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Bihar Finance Service H.C. Coop. Soc. Ltd Vs. Gautam Goswami & Ors [2008] INSC 370 (5 March 2008)

S.B. Sinha & Harjit Singh Bedi CONTEMPT PETITION (C) NO. 44 OF 2005 IN CIVIL APPEAL NO. 1357 OF 2003 S.B. SINHA, J :

1. This contempt proceeding has a chequered history. Petitioner is a cooperative society. It intended to have a plot for construction of houses for its members.

A requisition was made for acquisition of land for the said purpose on their own behalf before the State on or about 3.07.1973.

2. Land acquisition proceedings were initiated pursuant thereto. A notification under Section 4 of the Land Acquisition Act, 1894 was issued.

The owners of the land filed objections under Section 5A of the Act.

Overruling the said objection, the proceedings were continued. A declaration under Section 6 of the Act was issued followed by an award. In the said proceedings, 59.94 acres of land was acquired. Petitioner Society deposited the entire amount of compensation.

Several writ applications came to be filed before the Patna High Court questioning the said proceedings.

3. The said writ petitions were allowed by the High Court stating:

"40. For the reasons aforementioned in considered opinion, all the writ applications are fit to be allowed and the impugned declaration under Section 6 of the Act vide notification dated 16/18.03.1983 as contained in Annexure 2 in C.W.J.C. No. 2755 of 1988 is fit to be quashed.

The case, however, has to be remitted to the respondents State Government for further proceeding in the matter of inquiry under Section 40 of the Act and Rule 4 of the aforementioned Rules and under the Act for inquiry under Section 5A of the Act until objections filed by the petitioners in accordance with law."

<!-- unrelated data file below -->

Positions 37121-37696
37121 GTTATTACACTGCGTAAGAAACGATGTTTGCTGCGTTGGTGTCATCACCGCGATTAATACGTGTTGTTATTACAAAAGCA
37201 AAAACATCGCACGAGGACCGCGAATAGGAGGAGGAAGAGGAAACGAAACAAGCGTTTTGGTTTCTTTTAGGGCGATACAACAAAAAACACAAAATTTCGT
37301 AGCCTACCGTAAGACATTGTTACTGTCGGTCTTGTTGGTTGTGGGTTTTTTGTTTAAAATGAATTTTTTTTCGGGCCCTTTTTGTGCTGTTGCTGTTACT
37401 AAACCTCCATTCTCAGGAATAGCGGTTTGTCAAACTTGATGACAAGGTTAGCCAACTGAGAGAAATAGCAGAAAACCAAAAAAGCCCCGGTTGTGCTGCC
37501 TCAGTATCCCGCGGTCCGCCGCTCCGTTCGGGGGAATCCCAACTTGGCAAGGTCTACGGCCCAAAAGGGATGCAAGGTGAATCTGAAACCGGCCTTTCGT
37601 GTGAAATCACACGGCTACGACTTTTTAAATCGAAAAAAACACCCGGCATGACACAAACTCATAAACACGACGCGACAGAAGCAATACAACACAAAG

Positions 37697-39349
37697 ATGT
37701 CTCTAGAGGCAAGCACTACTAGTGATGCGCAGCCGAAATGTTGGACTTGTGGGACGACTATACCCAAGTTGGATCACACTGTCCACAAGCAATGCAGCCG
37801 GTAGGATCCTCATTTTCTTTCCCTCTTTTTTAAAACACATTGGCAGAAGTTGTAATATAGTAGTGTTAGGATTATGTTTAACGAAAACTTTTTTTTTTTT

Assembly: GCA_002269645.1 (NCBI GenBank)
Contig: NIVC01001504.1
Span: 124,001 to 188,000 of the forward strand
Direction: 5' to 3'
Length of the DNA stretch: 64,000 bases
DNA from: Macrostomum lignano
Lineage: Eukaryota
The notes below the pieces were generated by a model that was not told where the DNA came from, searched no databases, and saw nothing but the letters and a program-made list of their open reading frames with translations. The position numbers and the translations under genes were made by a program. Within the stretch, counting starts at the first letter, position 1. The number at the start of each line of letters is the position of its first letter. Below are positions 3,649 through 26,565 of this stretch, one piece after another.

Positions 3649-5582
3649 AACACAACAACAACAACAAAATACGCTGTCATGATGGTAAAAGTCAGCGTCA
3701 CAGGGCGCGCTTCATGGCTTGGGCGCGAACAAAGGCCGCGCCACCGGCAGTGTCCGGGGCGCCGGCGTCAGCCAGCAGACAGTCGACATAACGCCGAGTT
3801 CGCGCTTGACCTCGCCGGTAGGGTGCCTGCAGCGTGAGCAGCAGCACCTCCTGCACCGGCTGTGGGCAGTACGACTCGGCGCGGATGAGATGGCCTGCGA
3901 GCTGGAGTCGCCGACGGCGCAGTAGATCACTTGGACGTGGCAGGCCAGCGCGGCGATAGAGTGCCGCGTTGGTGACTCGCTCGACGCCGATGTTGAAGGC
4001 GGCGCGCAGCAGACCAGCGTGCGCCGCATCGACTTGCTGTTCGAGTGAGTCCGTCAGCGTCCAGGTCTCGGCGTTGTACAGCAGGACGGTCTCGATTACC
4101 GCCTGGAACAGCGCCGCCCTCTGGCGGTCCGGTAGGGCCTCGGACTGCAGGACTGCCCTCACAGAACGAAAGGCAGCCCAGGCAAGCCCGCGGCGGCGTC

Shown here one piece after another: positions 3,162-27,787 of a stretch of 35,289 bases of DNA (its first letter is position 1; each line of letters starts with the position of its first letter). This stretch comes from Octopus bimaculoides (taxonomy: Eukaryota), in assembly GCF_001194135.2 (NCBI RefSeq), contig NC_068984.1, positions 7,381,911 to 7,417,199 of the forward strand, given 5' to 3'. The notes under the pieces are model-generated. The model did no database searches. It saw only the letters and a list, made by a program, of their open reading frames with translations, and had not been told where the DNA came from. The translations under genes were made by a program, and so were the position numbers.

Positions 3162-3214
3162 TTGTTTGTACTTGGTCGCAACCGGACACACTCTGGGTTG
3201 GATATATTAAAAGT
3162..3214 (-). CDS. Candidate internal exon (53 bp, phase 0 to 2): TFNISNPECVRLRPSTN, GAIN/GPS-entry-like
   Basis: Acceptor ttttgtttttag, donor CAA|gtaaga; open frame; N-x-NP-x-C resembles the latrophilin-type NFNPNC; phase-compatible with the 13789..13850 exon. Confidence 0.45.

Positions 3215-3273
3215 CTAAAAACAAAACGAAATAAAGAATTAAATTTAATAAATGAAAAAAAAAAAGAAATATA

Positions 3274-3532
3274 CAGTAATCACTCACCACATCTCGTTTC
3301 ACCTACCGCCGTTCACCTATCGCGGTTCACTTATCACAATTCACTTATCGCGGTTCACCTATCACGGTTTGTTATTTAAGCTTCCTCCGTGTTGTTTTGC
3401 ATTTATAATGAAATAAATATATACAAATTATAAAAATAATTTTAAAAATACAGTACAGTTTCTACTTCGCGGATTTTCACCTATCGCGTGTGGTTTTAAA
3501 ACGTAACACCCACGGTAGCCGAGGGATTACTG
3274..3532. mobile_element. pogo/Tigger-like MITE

4. However, on an appeal preferred thereagainst, this Court in Shyam Nandan Prasad and Others v. State of Bihar and others (since reported in (1993) 4 SCC 255), while clarifying the law operating in the field stated that where such a requisition is made on the part of a Company which a cooperative society is, Part VII of the Land Acquisition Act, 1894 shall apply. This Court in its judgment invoked the principle of 'individualized justice' directing:

"22. Having thus clarified the law governing the field, we would open doors for streams of equities and discretions to enter in the exercise of power by the High Court under Article 226 of the Constitution. As observed earlier, we are of the view that the High Court should not have upset the notification under Section 6 of the Act as a whole and should have individualised justice vis-a-vis each writ petitioner before it, having regard to the equities interplaying in each case and to the regulation of its discretion keeping in view host of other factors which weigh with the High Court to deny, grant or mould relief even when illegalities in procedure keep staring. Thus for the view afore- expressed, we allow these appeals, set aside the impugned orders of the High Court and remit all these matters back to it with the request that though it may take them up as a batch, it may give individual attention to each case, view the illegalities pointed out by the writ petitioner in their right perspective having regard to the time factor and confine the relief, if due, to him separately. We shall not be taken to have controlled the discretion of the High Court in administering individualised justice and amongst others it may, with the cooperation of the Society and of the State Government, as also the writ petitioners examine the possibility of an equitable solution so that the fist of law and the discretion of the court do not hurt unbearably. We thus remit the matters to the High Court without any order as to costs."

The High Court pursuant to the said direction had passed an order dated 20.06.2001 directing release of 12.9603 acres of land. Claims in respect of the rest of the lands were rejected and the District Magistrate Patna was directed to identify the lands and deliver possession thereof to the petitioner society, if necessary, after the demolition of the constructions made thereon.

In the meanwhile, several transactions were made. Several constructions, some of which were totally illegal, came up in some portions of the acquired lands.

One Ashish Sahkari Grih Nirman Samiti preferred an appeal thereagainst before this Court upon obtaining special leave being Civil Appeal No. 1357 of 2003. By a judgment and order dated 18.08.2004, this Court further released 17.68 acres of land in favour of various contenders directing: